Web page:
If your looking to explore national parks, the National Park Service’s “Electronic Resources” page is a good place to start.
National Park Service
Horace Albright’s legacy enjoys high esteem, but many of the precedents he set for the National Park Service have contributed to problems that parks now face.
The National Park Service’s management of nature offers America’s wild places as contrived experiences to meet the spiritual expectations of the consumer public.
John (Fire) Lame Deer’s essay about the 1970 occupation of Mount Rushmore highlights a monumental clash between two visions of sacred land.
San Antonio, Texas, boasts a magnificent World Heritage treasure in their Spanish colonial missions. These places serve both religious purposes and tourist pleasures. Which raises the question, are the San Antonio missions sacred or secular? ♨
Spirituality and the State by Kerry Mitchell examines state power through a lens of “spirituality” in America’s national parks. This book shows how affection for parklands relies on a love of nature which is also a love of oneself and of one’s nation. Though intellectually engaging, Mitchell grounds his analysis in stories of people enjoying national parks. ♨
In recent years the National Park Service has begun engaging the diverse peoples of America to tell a more inclusive story of our national heritage. This more inclusive tale allows us to envision a nation that honors the strength and wisdom of our differences. ♨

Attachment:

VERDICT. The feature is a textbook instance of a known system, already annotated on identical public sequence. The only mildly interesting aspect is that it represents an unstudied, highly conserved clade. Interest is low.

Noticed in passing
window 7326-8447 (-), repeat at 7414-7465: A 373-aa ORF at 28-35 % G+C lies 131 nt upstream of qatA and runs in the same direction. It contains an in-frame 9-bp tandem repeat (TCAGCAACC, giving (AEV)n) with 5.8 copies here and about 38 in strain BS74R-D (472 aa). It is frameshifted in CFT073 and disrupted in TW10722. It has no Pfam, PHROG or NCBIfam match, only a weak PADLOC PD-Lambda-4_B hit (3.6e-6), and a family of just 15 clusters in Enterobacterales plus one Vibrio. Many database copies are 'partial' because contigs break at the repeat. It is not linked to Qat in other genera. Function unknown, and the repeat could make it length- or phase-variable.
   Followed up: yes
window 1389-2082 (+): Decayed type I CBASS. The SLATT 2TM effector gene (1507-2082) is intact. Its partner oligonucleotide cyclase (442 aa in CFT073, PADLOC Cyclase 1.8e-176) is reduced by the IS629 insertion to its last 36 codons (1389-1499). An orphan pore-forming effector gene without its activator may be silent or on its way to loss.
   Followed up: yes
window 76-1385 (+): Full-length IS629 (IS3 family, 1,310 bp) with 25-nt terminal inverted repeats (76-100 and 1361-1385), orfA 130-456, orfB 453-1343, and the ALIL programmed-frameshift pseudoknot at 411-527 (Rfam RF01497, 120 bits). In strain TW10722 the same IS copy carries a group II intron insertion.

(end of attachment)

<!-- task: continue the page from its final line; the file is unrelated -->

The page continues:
Voters seem much more in agreement about national parks than just about anything else, but the politics of funding our parks have left them with an enormous backlog of “deferred maintenance.” As a nation we have not been very good at putting our money where our mouth is. The immeasurable value of national parks, though, more than justifies an investment in their future.
Natural Bridge in Virginia may be America’s first natural feature promoted as a tourist destination. Thomas Jefferson characterized Natural Bridge as “the most sublime of Nature’s works,” and now it is recognized as an affiliate site of the National Park Service.
Can we move away from the master narratives of white privilege in our parks? Can we begin thinking of our park system as places of reconciliation? Can they become spaces for listening to what the myriad voices—human, natural, spiritual—have to teach us? Can we move from narratives of conquest to queries of connectiveness?